Neural and behavioral signatures of social evaluation and adaptation in childhood and adolescence: The Leiden consortium on individual development (L-CID)
The Consortium on Individual Development aims to unravel why some children thrive and others don’t. The Leiden Consortium on Individual Development (L-CID) contributes to answering this question by studying how social evaluations trigger self-protective and other-oriented processes and how children may differ in their susceptibility to these social evaluations.
Self-control and prosociality
Two processes that are important for flexible social adaptation are self-control and prosociality. These behaviours might be motivated by social evaluations of self and others. For example, when a child experiences personal rejection it might trigger self-protective tendencies such as aggression, whereas observed rejection of another child might lead to prosocial behaviour toward the rejected child. In our review, we discuss the behavioural and neural correlates of these self- and other-oriented evaluations.
We show that there is overlap in the neural responses to social rejection and acceptance across two experimental tasks that are used in the L-CID study: the Social Network Aggression Task (used to measure personal social evaluation and associated self-control) and the Prosocial Cyberball Game (used to measure observed social evaluation and associated prosociality). Specifically, social rejection or exclusion was associated with overlap in activity in the superior medial prefrontal cortex and this neural activity was correlated across tasks.
Based on these commonalities in neural responses to negative social feedback and rejection of others, we propose a bi-dimensional taxonomy of social evaluation effects of self and others, to test whether there is also overlap in behaviour. These behavioural responses are organized across two axes: a dimension of self-protective aggression and a dimension of prosociality. This bi-dimensional taxonomy might be used to test whether the combination of behaviours associated with social evaluation effects is a better predictor for developmental outcomes than single task measures.
The second aim of L-CID focuses on the question which children are most sensitive to social experiences and when they might be most sensitive to these experiences. Since L-CID is a longitudinal accelarated cohort-sequential twin study, it allows for testing these questions.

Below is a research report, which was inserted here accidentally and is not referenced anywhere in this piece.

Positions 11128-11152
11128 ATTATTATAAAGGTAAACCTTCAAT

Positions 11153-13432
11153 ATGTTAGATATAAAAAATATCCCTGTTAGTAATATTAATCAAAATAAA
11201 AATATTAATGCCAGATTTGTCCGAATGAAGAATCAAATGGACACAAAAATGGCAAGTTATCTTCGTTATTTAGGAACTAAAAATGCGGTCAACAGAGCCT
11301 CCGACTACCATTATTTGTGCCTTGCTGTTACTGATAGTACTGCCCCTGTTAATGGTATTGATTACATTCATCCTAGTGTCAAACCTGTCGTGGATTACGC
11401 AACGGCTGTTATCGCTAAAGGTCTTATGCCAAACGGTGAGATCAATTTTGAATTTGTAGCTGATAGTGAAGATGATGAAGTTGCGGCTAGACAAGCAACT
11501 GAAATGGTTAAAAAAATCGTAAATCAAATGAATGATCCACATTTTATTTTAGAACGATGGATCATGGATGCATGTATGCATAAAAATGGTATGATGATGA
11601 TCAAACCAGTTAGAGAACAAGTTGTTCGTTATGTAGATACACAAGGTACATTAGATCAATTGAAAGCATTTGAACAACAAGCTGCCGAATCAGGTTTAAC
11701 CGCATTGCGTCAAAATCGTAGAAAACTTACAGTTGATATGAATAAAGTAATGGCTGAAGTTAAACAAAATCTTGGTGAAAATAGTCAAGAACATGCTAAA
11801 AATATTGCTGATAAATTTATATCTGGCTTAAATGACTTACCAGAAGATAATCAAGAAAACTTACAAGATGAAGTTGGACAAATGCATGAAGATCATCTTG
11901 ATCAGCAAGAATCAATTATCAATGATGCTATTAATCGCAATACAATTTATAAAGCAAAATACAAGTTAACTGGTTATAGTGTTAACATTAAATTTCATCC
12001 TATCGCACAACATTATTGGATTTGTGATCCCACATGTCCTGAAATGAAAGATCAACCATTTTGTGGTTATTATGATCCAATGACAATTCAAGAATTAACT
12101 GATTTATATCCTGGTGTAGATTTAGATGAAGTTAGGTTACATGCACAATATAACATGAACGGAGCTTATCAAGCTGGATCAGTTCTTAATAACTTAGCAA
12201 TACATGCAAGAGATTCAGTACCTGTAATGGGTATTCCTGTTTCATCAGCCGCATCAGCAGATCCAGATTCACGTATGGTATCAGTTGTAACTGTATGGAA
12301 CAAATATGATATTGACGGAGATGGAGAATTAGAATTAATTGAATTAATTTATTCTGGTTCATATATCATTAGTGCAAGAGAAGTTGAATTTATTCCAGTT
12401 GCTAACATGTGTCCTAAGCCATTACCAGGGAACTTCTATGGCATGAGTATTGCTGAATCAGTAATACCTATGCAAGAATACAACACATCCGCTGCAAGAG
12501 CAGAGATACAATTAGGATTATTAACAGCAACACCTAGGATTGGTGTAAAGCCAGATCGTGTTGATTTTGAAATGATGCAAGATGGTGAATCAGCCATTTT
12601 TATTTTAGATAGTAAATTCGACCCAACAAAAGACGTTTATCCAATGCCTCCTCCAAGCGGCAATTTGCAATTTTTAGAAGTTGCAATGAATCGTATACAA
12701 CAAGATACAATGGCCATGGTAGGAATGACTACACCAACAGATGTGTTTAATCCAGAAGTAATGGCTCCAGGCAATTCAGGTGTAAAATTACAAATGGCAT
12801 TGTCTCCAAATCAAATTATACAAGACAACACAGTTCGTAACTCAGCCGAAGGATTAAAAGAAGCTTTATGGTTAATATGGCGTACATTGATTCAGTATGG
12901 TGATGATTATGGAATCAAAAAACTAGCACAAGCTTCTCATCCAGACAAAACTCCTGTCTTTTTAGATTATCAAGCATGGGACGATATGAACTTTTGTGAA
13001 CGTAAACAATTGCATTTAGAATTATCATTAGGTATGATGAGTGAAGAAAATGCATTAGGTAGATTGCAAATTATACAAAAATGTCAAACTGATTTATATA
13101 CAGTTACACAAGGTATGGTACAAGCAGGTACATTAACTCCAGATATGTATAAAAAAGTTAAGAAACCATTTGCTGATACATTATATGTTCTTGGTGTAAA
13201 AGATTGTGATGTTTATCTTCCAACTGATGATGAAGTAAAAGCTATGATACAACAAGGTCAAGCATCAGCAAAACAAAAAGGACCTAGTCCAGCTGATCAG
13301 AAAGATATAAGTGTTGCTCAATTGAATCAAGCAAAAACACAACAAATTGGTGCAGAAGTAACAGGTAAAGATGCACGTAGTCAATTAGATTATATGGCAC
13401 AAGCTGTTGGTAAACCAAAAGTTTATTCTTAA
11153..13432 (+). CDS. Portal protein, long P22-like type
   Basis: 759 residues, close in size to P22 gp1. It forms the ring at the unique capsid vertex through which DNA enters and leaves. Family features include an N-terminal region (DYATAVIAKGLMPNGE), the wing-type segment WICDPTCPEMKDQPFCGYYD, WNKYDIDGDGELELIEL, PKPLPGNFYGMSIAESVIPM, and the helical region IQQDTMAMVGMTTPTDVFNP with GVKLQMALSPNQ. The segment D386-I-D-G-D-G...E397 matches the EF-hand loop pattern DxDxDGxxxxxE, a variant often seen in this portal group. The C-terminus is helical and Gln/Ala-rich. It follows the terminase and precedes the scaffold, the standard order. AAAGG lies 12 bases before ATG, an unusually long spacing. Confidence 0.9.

Results so far already showed that there is some evidence for genetic and shared environmental influences on neural signals during evaluations of self and others. Futhermore, to test for differential susceptibility to social experiences, the L-CID study incorporated a randomized control parenting intervention, the VIPP-SD, that focuses on improving sensitive interactions between parents and children and thereby enriching the social environment of children. Based on prior neural findings, we hypothesize that the effects of such social enrichment might be most pronounced in two sensitive developmental windows: early childhood and early adolescence.
Besides genetic, social and environmental influences on social evaluations, we point to the medial prefrontal cortex (mPFC) as an important differential susceptibility marker that might explain differences in sensitivity to social evaluation. The mPFC is an important region for self- and other referential processing, self-control and social cognition and specifically sensitive to social evaluation in childhood and adolescence. We aim to test this model in the coming years, to give us more insight in why some children are more susceptible to enviromental influences than others.
Eveline A. Crone, Michelle Achterberg, Simone Dobbelaar, Saskia Euser, Bianca van den Bulk, Mara van der Meulen, Lina van Drunen, Lara M. Wierenga, Marian J. Bakermans-Kranenburg, Marinus H. van IJzendoorn (2020) Neural and behavioral signatures of social evaluation and adaptation in childhood and adolescence: The Leiden consortium on individual development (L-CID) Developmental cognitive neuroscience DOI: 10.1016/j.dcn.2020.100805
This paper is part of a special issue in Developmental cognitive neuroscience about the Consortium on Individual Development. For an overview of all papers go to here.